2012 Group 5 Project
|2012 Projects: Group 1 | Group 2 | Group 3 | Group 4 | Group 5 | Group 6 | Group 7 | Group 8 | Group 9|
- 1 Wnt/β-catenin Signalling Pathway
- 1.1 Introduction
- 1.2 History
- 1.3 Normal function
- 1.4 Key players in Wnt/β-catenin signalling
- 1.5 Mechanism of action
- 1.6 Diseases associated with Wnt/β-catenin signalling
- 1.7 Treatment:
- 1.8 Current research
- 1.9 Future directions
- 1.10 Glossary
- 1.11 External links
- 1.12 Reference List
Wnt/β-catenin Signalling Pathway
2012 marks the 30th anniversary of the identification of Wnt-1, the first component of the Wnt signaling pathway to be discovered. Since this breakthrough, researchers from around the globe have extensively studied and pieced together the multiple components that form the Wnt signaling pathway as it is known and accepted today.
The classical pathway of Wnt signalling that is best understood in current research is the Wnt/β-catenin signalling pathway which features heavily in development, regeneration, stem cell regulation and cellular processes such as proliferation and migration.
Wnt proteins encompass a network of secreted glycolipoproteins, forming the basis of this highly conserved pathway. The various elements, agonists and antagonists of this pathway will be discussed, with key emphasis on the structure and function.
Furthermore, mutations in components of this pathway have been associated with cancers, developmental defects and other diseases which will be discussed in further detail.
It is important to note that the Wnt/β-catenin signalling pathway is becoming increasingly complex with the addition of new molecules being discovered in recent years. Areas of current research and future directions will also be outlined.
1973: A mutant of Drosophila melanogaster which had no wings was characterised as Wingless (Wg) 
1982: Roel Nusse and Harold Varmus found that mouse mammary tumour virus (MMTV) stimulated tumour formation when the Int1 (integration 1) gene was activated.
1991: The nomenclature of Wingless and Int-1 was combined to form the mnemonic, Wnt.
1994: Mutations in Dishevelled affected phenotype and gene expression, indicating its crucial role in the Wnt signalling pathway
1996: β-catenin levels were reported to be three times higher in tumour tissues than in normal specimens, indicating the link between β-catenin accumulation and colorectal cancers
1997: Huber et al investigates the three dimensional structure of β-catenin
1999: Casein kinase 1 (CK1) was found to regulate β-catenin function 
2003: The tyrosine kinase receptor Derailed in Drosophila (RYK in mammals) was identified as an alternative Wnt receptor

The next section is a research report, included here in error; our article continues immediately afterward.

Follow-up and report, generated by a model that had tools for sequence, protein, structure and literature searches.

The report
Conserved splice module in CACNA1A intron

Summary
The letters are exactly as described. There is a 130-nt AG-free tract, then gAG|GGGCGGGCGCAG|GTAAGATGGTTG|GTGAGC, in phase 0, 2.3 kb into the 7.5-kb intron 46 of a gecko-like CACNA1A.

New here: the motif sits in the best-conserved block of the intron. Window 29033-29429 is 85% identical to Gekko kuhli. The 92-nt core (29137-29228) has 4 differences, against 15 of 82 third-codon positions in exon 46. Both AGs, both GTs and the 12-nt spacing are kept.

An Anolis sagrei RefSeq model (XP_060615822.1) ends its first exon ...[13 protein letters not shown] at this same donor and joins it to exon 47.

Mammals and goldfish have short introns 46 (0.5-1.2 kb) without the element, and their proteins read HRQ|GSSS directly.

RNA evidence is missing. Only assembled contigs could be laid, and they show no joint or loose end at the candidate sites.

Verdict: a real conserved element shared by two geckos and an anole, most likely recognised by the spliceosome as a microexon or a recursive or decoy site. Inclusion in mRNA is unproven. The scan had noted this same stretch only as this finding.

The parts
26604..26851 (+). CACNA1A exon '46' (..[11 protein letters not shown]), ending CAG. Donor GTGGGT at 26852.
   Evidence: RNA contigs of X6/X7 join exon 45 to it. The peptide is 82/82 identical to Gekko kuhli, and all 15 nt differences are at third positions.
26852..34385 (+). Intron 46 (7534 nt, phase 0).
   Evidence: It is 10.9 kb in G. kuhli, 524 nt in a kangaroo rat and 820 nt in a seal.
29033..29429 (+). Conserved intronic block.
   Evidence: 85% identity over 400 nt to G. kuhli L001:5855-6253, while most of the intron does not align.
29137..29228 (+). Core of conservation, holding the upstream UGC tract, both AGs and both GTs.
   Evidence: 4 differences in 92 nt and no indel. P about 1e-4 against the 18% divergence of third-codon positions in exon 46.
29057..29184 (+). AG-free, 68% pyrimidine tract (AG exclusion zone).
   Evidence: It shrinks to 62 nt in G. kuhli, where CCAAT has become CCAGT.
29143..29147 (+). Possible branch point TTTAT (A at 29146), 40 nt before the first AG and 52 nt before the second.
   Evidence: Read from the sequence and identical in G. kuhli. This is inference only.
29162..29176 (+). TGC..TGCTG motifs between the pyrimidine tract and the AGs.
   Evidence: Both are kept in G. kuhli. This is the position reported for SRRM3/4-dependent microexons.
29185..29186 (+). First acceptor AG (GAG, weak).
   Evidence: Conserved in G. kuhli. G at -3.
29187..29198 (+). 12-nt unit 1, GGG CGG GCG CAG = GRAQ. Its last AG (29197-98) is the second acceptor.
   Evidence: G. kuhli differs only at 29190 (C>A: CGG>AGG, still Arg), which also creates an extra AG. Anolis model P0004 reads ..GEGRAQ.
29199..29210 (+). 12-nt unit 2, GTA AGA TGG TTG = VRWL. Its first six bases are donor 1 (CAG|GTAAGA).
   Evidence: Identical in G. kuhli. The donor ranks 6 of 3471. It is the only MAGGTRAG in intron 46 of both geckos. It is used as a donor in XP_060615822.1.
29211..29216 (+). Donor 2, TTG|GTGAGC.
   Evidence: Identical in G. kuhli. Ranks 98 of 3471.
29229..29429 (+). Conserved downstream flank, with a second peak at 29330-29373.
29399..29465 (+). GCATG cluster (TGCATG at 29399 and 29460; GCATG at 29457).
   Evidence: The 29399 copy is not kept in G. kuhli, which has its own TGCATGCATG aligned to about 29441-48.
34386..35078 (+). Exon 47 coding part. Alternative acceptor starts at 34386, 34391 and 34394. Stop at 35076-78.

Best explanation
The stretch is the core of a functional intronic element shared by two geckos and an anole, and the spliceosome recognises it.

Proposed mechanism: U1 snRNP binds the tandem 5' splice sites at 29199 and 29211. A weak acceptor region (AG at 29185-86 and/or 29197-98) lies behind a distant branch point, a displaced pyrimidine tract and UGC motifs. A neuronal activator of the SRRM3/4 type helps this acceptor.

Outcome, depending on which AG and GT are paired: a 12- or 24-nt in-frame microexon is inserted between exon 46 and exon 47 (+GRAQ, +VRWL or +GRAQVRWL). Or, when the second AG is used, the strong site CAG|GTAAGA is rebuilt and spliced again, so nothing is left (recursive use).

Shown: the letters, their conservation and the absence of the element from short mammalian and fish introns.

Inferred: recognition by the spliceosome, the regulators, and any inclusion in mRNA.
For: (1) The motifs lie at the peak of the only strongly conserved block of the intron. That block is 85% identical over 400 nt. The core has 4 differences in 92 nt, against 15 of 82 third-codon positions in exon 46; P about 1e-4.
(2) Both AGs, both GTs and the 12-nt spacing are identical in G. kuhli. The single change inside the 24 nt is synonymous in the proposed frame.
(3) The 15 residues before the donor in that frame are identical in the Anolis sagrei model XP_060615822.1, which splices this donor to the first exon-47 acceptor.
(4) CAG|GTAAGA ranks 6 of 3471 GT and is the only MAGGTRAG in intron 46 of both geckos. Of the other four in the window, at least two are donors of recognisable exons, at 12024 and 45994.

2007: Dishevelled was found to polymerize at the plasma membrane and to recruit axin upon Wnt stimulation 
Role of Wnt/β-catenin signalling in embryonic development
The Wnt/β-catenin signaling pathway has been implicated as an important pathway in human fetal development. Through immunohistochemical staining, Eberhart and Argani (2001) localised nuclear beta catenin in fetal lung, placenta, kidney, cartilage, capillaries, adrenal glands and skin. This indicates that Wnt signaling regulates the development of specific set of organs and tissues. For example, Wnt genes such as Wnt4 regulate the conversion of mesenchyme to epithelial cells in kidney morphogenesis.
In addition, Wnt/β-catenin signaling is also involved in maintaining the pluripotency of human embryonic stem cells (hESCs). Wnt3a promotes the reprogramming of somatic cells to pluripotency in conjunction with the classical transcription factors, Oct4, Sox2 and Nanog. For example, Oct4 has the effect of repressing Wnt/β-catenin signaling in self renewing hESCs and is depressed during hESC differentiation. Hence, this suggests that Wnt/β-catenin signaling is involved in differentiation rather than self renewal.
Key players in Wnt/β-catenin signalling
|Wnt (WNT)||250px||Evolutionarily conserved protein across species. Most Wnt proteins figure in the region of 40 kDa, each possessing a characteristic 23 or 24 cysteine residues highly conserved in their spacing. This suggests that the formation of ‘‘‘disulfide bonds’’’ plays a significant role in determining tertiary protein structure||Initiates Wnt signalling when it binds as a ‘‘‘ligand’’’ to the ‘‘‘Fz’’’ receptor with ‘‘‘LRP’’’  and destabilises the β-catenin degradation complex, dephosphorylating β-catenin and subsequently enabling its migration and accumulation in the cell nucleus for gene transcription ||
|‘Fz ' (FZD)||150px||‘‘‘Fz’’’ houses a ‘‘‘CRD’’’ on the ‘‘‘N-terminus’’’, seven transmembrane domains, and a ‘‘‘PDZ domain’’’ on the ‘‘‘C-terminus’’’ ||Binds the Wnt ‘‘‘ligand’’’ at the extracellular ‘‘‘N-terminus’’’ for the initiation of the Wnt/β-catenin signalling pathway|
|‘LRP-5/6' (LRP)||250px||A protein that spans multiple domains. The extracellular component is comprised of four EGF-like repeats on the ‘‘‘N-terminus’’’ ||Co-receptor to the Wnt ‘‘‘ligand’’’ in its interaction with the ‘‘‘Fz’’’ receptor in signal transduction. Causes translocation and association of axin to its intracellular tail, thus destabilising the β-catenin binding activity of axin|
|‘Dsh ' (DVL)||250px||Prevents phosphorylatory activity of ‘‘‘GSK-3β’’’ upon hyperphosphorylation by the Wnt/’‘‘LRP-5/6’’’ complex binding to the ‘‘‘Fz’’’ receptor, thus preventing β-catenin ubiquitination and degradation, to promote translocation into the nucleus.||
|Axin (AXIN)||250px||In the absence of Wnt signalling, it constitutes the β-catenin ubiquitination complex along with ‘‘‘APC’’’ and ‘‘‘GSK-3β’’’  and its role as a ‘‘‘scaffolding protein’’’ enhances ‘‘‘GSK-3β’’’ phosphorylation of β-catenin|
|‘GSK-3β ' (GSK3β)||250px||Constitutes the β-catenin ubiquitination complex along with axin and ‘‘‘APC’’’ ; its primary role in the Wnt/β-catenin signalling pathway is inhibition of β-catenin nuclear translocation through phosphorylation of three amino acids at the ‘‘‘N-terminus’’’ after priming by ‘‘‘CK-I’’’ , for subsequent ubiquitination and degradation by the ‘‘‘’’’proteasome’’’. This activity is enhanced by ‘‘‘GSK-3β’’’ phosphorylation of axin and ‘‘‘APC’’’  which appears to promote phosphorylation of β-catenin by ‘‘‘GSK-3β’’’ in the complex.|